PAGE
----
The Rise and Fall of D.O.D.O is the new hefty tome from the pen of Neal Stephenson. But this is not a tech or maths heavy read like Seveneves or Anathem. This time he has brought along fellow author Nicole Gallard who manages to considerably lighten the tone. The Rise and Fall of D.O.D.O can best be described as a romp. It is science fiction that never takes itself all that seriously. Even the acronym provides a cute running gag in the early part of the book.
In 1851, witchcraft died in the world. In the present day, a group of American military scientists are trying to bring it back using quantum theory. When they manage to do so, they use witchcraft to send their operatives back in time and manipulate history. And then their problems really begin.
D.O.D.O is narrated in a documentary style. Much of it is the memoir of Melisande Stokes, one of the early operatives of the organisation, stuck in 1851 as witchcraft is dying and writing for future prosperity. But there are also plenty of other diary entries, emails, memos and letters and even an ancient Viking Saga entitled “The Lay of Walmart”. There is plenty of humour here, not only connected with the time travel adventures but also the organisational culture of D.O.D.O, run as it is by the American military, complete with PowerPoint presentations and occupational health and safety reports. But there is also drama, cliffhangers and plenty of double and triple crosses to keep the many pages turning.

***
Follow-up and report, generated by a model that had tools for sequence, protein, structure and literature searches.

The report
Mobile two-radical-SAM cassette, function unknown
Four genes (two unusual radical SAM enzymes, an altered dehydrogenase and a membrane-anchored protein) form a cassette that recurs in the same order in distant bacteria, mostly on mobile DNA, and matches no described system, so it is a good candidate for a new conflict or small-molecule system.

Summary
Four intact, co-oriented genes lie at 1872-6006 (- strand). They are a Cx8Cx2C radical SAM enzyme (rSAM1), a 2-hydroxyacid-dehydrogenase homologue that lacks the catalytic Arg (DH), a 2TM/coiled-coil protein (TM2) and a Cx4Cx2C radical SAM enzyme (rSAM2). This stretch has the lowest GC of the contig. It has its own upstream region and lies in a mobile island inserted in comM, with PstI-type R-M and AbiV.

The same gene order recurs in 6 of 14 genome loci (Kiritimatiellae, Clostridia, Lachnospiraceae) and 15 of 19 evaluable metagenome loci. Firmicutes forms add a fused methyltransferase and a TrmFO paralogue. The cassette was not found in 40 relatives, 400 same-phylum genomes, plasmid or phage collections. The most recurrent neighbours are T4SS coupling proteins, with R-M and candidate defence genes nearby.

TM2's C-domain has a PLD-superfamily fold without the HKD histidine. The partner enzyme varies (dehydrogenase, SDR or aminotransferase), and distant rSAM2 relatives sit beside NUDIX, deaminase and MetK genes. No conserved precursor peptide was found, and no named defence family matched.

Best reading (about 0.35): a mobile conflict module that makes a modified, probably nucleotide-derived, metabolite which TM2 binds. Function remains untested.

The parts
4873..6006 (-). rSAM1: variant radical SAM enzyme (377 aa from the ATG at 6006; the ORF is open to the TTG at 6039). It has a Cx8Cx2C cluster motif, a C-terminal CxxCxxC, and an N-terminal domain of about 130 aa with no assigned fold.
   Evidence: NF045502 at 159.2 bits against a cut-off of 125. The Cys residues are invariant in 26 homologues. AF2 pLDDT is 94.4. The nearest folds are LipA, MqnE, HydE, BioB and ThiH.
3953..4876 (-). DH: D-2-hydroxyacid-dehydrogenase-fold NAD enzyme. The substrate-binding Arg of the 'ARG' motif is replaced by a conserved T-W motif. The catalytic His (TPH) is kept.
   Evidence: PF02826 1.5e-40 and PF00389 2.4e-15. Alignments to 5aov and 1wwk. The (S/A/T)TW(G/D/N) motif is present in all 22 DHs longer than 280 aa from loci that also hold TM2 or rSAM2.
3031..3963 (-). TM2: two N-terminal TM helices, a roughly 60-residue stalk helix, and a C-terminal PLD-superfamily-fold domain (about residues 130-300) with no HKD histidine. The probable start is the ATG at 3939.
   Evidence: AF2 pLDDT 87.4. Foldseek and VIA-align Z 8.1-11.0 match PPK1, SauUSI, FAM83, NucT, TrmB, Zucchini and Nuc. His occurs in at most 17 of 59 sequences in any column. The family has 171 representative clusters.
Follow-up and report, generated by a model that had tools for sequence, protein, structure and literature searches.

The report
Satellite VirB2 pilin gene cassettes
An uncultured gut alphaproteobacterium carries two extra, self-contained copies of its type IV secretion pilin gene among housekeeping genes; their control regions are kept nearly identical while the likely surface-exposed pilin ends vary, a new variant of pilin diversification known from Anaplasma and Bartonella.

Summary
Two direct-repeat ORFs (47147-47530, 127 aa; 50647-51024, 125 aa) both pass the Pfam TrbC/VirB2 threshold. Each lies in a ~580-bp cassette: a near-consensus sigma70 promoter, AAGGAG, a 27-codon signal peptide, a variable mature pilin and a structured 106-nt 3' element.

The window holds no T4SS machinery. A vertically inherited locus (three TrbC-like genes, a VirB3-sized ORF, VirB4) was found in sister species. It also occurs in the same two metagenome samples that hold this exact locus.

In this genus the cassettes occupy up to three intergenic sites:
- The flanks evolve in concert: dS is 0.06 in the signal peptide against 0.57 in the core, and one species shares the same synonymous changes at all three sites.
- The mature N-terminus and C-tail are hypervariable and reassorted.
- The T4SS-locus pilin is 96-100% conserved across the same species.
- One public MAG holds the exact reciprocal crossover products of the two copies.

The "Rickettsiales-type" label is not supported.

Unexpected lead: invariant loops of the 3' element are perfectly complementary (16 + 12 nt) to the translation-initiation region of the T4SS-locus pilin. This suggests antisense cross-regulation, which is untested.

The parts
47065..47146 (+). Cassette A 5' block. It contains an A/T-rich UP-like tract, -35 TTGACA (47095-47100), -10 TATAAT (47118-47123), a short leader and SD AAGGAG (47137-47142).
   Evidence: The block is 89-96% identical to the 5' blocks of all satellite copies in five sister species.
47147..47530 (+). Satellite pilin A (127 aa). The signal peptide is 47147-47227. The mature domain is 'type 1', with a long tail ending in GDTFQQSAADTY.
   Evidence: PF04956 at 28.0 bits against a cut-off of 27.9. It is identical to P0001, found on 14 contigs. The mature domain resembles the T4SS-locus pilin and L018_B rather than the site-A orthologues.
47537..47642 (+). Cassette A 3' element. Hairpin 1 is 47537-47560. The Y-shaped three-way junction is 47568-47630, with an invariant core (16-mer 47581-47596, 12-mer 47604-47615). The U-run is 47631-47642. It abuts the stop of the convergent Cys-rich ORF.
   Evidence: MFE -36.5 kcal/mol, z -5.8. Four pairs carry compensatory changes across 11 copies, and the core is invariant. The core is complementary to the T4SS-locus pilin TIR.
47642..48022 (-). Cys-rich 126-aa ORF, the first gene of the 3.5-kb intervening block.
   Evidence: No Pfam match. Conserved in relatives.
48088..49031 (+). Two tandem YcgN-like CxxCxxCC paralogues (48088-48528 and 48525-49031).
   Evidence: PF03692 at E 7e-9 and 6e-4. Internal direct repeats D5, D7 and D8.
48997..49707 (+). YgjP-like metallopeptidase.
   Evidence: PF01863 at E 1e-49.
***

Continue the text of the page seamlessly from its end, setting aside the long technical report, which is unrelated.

The Rise and Fall of D.O.D.O feels like William Gibson’s The Peripheral crossed with Stephenson’s own Quicksilver Trilogy with touches of The Office, Monty Python and Blackadder. There is nothing much deep and meaningful here (a speech about science near the end is about as close as it gets), it is definitely overly long and its time travel rules are applied a little inconsistently but it is a lot of fun and that makes up for most of its shortcomings.
This review first appeared in Aurealis #103, Australian Science Fiction and Fantasy Magazine, www.aurealis.com.au.